The ageing Nissan 4×4 is racing and rattling through the potholed roads of the Mansour district of Baghdad. The young driver, his hand glued to the horn, is taking instructions from his “boss” in the front passenger seat. Frantic exchanges of Arab male voices fill the car.
As we screech around a bend opposite the remains of one of Saddam’s palaces, the road ahead is gridlocked with three lanes of morning rush-hour traffic. The boss (who wishes to remain anonymous) takes immediate action: he pulls out his Heckler & Koch 9mm pistol and squeezes his upper body through the window. With the gun in his hand we hurtle towards the oncoming traffic. Welcome to minicabs, Baghdad style, or as close as you can get to them in a war-torn city.
Then, just as I think things can’t get any worse, they do. Out of the cracked windscreen I spot a roadblock ahead. It is not just roadside bombs and the threat of random attack that make driving in Iraq perilous. You must also contend with the numerous checkpoints that line most main thoroughfares. These may be manned by the Iraqi police or army, a ragtag collection of militia or US marines. In many ways the checkpoints are most dangerous for westerners: the minute the car stops you are vulnerable, but if you don’t stop you run the risk of the soldiers opening fire on your car. It is the ultimate Catch22.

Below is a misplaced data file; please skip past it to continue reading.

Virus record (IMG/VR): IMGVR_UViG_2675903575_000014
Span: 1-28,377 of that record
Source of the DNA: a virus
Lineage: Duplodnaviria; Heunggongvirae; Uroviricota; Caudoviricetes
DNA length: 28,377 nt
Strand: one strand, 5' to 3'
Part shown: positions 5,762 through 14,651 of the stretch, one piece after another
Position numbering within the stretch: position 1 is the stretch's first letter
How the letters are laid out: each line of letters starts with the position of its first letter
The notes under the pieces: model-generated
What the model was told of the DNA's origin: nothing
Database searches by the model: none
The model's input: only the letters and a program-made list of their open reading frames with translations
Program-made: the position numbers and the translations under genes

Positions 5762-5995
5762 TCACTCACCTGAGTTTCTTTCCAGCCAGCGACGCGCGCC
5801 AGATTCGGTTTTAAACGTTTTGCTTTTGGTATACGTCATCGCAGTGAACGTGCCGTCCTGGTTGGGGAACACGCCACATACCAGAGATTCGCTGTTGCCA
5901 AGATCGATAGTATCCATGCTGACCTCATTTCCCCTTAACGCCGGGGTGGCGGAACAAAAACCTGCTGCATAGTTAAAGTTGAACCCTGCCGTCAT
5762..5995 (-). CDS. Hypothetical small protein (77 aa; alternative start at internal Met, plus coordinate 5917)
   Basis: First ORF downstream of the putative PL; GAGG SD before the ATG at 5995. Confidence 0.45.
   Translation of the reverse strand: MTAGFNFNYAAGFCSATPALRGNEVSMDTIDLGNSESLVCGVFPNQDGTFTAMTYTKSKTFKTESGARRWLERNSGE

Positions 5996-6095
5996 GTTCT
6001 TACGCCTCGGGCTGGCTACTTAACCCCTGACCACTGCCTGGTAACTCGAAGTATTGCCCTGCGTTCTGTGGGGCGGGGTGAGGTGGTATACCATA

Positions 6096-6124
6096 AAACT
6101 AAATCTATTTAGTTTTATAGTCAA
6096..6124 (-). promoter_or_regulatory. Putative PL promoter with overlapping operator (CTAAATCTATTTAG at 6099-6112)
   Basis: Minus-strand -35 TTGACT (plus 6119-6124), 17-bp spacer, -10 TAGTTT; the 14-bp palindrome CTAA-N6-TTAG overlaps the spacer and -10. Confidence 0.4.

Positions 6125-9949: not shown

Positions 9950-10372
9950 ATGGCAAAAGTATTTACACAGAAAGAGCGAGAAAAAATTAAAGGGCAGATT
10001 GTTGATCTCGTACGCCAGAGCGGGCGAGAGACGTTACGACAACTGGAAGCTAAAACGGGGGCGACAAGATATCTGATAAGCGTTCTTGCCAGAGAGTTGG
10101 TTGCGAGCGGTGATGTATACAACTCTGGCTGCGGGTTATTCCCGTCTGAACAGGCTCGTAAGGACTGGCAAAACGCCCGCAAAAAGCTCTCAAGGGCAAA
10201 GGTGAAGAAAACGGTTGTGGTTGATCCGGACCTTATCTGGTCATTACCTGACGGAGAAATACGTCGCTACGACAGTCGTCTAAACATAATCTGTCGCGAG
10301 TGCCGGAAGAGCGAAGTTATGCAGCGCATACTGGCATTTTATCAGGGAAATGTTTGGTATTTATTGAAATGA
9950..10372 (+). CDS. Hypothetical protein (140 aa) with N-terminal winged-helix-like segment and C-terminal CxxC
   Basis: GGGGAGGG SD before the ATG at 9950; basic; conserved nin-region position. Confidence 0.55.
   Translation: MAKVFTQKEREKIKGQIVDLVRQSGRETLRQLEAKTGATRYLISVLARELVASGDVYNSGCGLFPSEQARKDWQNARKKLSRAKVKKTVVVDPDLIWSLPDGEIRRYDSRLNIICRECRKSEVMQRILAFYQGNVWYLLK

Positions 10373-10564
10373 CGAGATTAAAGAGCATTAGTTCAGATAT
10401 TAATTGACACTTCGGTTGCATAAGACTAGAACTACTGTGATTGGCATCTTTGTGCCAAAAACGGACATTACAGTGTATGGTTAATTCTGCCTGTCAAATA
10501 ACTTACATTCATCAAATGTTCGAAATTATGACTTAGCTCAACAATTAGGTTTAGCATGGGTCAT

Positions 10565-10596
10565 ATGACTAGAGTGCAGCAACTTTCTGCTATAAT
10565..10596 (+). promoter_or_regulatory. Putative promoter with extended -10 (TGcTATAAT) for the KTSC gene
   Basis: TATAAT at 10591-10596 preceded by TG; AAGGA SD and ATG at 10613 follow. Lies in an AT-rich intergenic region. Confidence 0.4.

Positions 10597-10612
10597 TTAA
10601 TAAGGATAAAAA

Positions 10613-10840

At this point the boss went into meltdown. As we passed a bus, I could see an old Honda in front of us whose driver had clearly not seen or heard us approaching his rear. I caught the sound of the boss pulling back the slide mechanism of his pistol. A gunshot rang out and the Honda swiftly swerved to the right as we powered on.
There are many things that it is inadvisable to do when approaching a checkpoint manned by heavily armed personnel, especially at speed in an unmarked car. But firing a pistol out of the window probably comes top.